JOURNAL ARTICLE

Cannulation of the internal jugular vein: is postprocedural chest radiography always necessary?

M T Gladwin, A Slonim, D L Landucci, D C Gutierrez, R E Cunnion
Critical Care Medicine 1999, 27 (9): 1819-23
10507604

OBJECTIVES: To determine whether clinical features can be used in a decision rule to prospectively identify a subgroup of internal jugular catheter placements that are correctly positioned and free from mechanical complications, thus obviating the need for routine postprocedural chest radiographs in selected patients.

DESIGN: Prospective cohort study.

SETTING: Tertiary care teaching hospital.

PATIENTS: A total of 107 consecutive patients who presented to our catheter service for internal jugular catheter insertion because of clinical indications between November 1995 and April 1996. Exclusion criteria were mechanical ventilation, an altered mental status, an age of <15 years, and a height of <152 cm.

INTERVENTIONS: Right or left internal jugular vein catheter placement followed by a postprocedural chest radiograph.

MEASUREMENTS: The operating physician completed a detailed questionnaire for each catheter insertion, designed to detect potential complications and to predict the necessity, or lack of necessity, for a postprocedural chest radiograph. The questionnaire documented patient characteristics, the number of needle passes, difficulty establishing access, operator experience, poor anatomical landmarks, number of previous catheter placements, resistance to wire or catheter advancement, resistance to aspiration of blood or flushing of the catheter ports, sensations in the ear, chest, or arm, and development of signs or symptoms suggestive of pneumothorax. After catheter insertion, chest radiographs were obtained to assess for mechanical complications and malpositioned catheters.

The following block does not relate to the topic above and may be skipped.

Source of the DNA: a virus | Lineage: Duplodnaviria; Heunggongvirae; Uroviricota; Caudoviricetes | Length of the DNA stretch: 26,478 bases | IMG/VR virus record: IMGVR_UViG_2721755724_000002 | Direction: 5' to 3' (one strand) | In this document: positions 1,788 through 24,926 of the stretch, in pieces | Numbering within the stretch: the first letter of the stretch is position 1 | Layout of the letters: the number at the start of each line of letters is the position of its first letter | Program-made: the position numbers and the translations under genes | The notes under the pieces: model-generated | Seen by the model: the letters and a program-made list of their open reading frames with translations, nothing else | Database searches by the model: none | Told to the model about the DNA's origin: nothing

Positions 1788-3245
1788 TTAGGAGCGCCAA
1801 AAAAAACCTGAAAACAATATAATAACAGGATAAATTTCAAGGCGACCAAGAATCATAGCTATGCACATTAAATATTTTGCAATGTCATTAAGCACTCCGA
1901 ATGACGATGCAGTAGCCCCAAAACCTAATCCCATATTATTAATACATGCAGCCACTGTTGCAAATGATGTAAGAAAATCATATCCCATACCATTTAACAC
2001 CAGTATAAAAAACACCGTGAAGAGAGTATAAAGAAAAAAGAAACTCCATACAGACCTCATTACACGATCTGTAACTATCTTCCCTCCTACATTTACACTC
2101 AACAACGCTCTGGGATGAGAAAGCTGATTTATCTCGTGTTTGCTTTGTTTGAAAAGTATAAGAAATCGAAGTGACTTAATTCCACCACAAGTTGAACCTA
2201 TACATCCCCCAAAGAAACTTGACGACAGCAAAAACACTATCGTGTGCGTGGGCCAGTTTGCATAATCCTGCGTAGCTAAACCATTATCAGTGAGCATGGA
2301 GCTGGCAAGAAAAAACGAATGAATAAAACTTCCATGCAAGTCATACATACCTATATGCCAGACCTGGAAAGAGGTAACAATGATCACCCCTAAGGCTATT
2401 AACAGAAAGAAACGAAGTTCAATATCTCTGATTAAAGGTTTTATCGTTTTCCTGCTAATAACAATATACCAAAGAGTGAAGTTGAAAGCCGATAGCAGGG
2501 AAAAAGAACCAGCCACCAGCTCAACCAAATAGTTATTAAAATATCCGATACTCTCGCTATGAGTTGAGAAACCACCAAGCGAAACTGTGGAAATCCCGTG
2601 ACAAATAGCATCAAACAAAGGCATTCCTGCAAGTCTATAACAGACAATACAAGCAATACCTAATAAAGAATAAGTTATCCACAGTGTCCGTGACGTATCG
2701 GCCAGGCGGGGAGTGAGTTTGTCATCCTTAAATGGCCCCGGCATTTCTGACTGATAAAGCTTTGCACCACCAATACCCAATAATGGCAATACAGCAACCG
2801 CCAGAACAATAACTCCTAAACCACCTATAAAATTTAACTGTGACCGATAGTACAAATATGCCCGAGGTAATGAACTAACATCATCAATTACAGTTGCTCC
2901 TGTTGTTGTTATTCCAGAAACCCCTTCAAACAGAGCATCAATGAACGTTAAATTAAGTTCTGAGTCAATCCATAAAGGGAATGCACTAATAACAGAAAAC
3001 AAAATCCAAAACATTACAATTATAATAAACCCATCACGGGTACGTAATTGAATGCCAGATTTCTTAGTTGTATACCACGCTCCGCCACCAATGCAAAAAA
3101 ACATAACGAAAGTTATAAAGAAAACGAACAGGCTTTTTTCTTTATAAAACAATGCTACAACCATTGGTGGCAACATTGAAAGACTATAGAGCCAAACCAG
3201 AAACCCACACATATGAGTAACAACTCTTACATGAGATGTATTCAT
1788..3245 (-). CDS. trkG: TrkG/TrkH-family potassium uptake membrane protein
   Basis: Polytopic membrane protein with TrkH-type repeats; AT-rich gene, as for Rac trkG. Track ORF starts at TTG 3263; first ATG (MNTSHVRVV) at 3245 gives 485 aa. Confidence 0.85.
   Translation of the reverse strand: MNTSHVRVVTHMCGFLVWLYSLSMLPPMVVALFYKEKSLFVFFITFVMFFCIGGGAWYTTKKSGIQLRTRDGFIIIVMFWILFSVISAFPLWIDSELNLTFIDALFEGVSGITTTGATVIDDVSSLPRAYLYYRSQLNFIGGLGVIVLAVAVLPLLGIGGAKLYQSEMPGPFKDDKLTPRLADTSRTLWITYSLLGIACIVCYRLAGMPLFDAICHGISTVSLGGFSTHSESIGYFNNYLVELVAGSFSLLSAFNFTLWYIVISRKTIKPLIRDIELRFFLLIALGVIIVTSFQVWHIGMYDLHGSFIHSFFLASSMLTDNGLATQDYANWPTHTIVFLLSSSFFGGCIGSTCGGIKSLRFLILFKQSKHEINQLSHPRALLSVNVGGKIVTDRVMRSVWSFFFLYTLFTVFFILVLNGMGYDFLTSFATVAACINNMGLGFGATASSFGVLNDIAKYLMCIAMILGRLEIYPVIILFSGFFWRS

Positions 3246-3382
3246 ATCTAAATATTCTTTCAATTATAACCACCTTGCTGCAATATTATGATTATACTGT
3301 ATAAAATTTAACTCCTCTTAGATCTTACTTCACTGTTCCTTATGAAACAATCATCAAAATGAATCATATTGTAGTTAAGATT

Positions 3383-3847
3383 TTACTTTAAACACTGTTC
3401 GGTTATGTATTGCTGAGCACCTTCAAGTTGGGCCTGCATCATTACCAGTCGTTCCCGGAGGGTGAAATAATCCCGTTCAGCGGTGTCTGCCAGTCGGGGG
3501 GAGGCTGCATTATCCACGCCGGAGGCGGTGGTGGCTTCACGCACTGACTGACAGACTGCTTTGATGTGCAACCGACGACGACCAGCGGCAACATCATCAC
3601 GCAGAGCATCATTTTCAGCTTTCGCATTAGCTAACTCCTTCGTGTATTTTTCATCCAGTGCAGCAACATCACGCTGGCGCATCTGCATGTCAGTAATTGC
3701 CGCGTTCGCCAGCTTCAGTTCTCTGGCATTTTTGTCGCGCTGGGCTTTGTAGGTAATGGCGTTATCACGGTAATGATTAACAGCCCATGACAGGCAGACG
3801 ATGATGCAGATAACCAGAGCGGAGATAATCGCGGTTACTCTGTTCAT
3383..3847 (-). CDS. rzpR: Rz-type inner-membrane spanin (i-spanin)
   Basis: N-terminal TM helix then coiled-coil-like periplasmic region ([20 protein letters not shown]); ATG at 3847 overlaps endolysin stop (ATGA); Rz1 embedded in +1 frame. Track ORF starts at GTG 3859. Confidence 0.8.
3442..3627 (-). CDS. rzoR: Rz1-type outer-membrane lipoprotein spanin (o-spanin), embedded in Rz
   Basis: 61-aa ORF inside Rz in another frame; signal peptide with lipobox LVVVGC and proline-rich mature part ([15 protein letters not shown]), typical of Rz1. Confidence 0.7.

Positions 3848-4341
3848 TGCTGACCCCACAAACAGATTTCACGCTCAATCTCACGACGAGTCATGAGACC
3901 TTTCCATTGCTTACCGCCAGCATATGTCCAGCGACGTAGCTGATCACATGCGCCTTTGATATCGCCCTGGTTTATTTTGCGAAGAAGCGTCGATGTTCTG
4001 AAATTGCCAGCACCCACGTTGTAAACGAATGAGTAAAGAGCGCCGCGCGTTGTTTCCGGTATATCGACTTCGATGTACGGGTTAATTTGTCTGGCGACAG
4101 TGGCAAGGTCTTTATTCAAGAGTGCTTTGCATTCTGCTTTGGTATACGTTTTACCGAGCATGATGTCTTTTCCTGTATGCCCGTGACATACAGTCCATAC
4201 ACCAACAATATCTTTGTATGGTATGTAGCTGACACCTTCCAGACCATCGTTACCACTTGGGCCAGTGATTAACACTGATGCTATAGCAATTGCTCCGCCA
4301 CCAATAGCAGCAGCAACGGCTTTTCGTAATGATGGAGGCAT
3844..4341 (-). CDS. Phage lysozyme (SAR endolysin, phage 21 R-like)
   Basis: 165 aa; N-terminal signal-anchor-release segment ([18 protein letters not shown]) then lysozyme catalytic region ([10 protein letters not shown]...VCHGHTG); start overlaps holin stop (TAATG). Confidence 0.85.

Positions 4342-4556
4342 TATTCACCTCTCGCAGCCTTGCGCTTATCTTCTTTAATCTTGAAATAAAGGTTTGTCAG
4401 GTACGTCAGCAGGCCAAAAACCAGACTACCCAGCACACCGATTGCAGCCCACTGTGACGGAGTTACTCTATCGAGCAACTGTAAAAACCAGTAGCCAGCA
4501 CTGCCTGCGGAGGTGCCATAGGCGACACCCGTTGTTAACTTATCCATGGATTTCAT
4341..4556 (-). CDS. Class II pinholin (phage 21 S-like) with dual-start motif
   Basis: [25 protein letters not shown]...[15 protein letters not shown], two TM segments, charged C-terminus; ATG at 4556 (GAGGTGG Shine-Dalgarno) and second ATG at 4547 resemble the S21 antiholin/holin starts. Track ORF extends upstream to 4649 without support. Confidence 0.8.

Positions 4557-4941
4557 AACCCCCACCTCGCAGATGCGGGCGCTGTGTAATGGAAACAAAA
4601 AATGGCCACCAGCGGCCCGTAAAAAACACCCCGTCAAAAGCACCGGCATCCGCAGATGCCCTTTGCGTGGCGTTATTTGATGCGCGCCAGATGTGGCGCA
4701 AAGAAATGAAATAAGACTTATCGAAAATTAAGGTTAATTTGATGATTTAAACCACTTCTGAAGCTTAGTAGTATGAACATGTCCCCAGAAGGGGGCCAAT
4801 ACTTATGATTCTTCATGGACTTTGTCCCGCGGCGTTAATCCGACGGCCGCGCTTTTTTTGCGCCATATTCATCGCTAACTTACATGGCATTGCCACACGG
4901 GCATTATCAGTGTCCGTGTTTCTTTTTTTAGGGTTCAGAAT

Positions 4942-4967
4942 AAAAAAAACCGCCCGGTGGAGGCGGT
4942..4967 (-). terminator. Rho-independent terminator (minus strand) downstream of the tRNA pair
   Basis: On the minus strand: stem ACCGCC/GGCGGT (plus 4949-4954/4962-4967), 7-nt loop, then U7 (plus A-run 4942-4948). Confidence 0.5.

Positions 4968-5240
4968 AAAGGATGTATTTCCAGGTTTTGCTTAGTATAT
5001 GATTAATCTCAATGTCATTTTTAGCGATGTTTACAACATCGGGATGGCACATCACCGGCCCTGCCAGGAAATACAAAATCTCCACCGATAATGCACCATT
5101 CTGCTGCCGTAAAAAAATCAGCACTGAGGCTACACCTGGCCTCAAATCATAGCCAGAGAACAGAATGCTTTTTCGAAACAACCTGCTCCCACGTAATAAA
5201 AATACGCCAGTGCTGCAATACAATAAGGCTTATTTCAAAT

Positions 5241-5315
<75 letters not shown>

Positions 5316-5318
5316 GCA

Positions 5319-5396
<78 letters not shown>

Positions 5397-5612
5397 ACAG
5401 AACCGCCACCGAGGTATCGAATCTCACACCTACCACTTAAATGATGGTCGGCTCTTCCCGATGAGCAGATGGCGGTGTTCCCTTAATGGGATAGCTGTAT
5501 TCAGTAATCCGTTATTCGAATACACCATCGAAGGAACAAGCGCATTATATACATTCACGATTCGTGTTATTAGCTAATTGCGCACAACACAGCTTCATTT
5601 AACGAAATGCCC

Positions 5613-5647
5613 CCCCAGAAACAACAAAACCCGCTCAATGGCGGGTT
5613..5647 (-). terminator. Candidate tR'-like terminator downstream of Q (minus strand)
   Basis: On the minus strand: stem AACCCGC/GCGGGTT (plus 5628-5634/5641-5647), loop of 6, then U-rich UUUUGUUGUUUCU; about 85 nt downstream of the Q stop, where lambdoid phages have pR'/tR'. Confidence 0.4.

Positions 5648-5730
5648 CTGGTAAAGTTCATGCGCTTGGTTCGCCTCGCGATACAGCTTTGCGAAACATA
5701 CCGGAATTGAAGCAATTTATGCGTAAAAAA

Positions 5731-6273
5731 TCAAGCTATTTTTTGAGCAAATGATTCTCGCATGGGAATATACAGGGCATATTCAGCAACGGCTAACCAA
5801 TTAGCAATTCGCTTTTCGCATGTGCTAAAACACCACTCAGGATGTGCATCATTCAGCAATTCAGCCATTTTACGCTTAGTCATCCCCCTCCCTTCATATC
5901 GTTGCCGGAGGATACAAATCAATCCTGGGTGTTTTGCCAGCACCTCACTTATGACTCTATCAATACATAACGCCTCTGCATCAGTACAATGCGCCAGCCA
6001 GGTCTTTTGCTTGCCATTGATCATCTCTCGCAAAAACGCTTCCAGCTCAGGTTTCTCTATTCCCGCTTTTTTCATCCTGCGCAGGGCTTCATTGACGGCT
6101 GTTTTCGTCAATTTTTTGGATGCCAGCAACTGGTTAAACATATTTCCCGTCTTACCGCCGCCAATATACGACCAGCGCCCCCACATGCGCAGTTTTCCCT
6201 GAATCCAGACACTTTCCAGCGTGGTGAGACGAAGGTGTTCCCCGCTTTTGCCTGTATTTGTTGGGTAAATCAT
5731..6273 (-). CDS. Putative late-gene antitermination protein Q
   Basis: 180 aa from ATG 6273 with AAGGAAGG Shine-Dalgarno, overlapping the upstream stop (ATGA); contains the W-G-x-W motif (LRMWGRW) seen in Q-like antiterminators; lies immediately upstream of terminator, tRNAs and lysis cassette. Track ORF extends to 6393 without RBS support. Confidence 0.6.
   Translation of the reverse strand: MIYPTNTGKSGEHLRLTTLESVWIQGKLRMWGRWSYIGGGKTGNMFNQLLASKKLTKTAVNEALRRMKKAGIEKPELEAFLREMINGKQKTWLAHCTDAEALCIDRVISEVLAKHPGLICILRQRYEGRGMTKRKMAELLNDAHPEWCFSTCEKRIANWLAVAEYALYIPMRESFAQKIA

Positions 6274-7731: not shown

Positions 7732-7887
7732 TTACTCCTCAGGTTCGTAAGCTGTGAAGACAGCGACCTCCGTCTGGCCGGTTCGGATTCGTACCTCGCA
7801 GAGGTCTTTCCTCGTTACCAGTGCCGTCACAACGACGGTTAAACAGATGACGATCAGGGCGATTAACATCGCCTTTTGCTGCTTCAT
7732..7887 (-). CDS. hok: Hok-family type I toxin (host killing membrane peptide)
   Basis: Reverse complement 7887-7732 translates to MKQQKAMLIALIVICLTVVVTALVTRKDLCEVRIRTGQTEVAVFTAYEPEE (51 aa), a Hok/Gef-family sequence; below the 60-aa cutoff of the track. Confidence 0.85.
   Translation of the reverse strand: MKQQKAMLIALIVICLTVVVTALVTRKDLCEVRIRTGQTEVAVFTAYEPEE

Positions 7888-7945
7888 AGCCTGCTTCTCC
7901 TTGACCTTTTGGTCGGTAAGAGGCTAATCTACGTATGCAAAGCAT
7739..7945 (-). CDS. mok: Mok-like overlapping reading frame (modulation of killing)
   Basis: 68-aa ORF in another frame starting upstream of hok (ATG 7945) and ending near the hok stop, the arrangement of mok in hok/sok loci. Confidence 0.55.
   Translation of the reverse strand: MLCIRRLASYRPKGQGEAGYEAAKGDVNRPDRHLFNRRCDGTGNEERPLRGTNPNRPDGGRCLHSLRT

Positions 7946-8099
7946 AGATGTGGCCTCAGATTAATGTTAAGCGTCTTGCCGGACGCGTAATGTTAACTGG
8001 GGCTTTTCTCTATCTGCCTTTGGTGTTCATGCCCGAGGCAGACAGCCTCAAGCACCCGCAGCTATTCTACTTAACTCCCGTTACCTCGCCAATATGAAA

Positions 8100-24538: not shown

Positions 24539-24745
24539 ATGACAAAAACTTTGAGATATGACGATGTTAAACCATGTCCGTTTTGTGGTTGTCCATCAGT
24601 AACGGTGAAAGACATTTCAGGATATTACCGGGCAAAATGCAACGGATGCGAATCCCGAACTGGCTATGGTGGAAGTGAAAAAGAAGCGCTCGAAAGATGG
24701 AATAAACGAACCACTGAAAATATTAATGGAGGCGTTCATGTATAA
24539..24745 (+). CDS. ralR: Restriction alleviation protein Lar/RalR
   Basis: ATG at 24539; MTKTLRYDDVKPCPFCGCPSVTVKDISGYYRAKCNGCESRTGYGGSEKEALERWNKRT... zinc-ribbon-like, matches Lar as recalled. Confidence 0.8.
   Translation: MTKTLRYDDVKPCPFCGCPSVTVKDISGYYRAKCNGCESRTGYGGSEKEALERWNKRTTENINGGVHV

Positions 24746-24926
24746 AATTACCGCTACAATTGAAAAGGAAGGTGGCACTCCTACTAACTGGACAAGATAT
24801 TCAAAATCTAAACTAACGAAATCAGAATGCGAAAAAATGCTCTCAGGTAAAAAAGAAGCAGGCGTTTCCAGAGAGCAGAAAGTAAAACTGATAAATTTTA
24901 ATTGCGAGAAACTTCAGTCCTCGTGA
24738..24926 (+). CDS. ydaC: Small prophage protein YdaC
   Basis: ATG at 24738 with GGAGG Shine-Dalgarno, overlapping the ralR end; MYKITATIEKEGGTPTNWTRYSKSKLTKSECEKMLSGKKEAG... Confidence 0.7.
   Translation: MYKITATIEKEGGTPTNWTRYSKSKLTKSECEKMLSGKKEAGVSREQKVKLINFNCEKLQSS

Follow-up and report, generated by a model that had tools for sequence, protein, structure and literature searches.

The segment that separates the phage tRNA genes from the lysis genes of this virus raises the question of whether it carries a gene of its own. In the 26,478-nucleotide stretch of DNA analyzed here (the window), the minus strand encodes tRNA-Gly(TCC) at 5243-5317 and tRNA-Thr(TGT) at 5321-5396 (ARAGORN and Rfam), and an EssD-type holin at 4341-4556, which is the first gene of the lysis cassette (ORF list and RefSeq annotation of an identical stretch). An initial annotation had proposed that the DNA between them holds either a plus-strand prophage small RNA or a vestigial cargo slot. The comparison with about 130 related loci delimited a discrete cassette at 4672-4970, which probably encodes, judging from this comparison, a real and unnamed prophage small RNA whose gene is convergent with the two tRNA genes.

MAIN RESULTS: In 46 cases, the decision rule predicted either a complication or a malposition and, thus, the need for a chest radiograph. In 61 cases, neither was predicted (no chest radiograph was needed). Radiographs confirmed one complication (pneumothorax) and 15 catheter tip malpositions (nine in the right atrium and six in the right axillary vein). Among the 46 cases predicted to have a potential complication or malposition, there were one actual complication (pneumothorax) and six actual malpositions (three axillary vein malpositions and three right atrial malpositions). The positive predictive value of this decision rule is 15%. Among the 61 cases predicted to be free from complications or malpositions and not to require a postprocedural chest radiograph, there were nine unexpected malpositions (three axillary vein malpositions and six right atrial malpositions). The negative predictive value is 85%. The overall sensitivity of the decision rule for detecting complications and malpositions is 44%, and the specificity is 55%.

CONCLUSIONS: In experienced hands, internal jugular venous catheterization is a safe procedure. However, the incidence of axillary vein or right atrial catheter malposition is 14%, and clinical factors alone will not reliably identify malpositioned catheters. Chest radiographs are necessary to ensure correct internal jugular catheter position.

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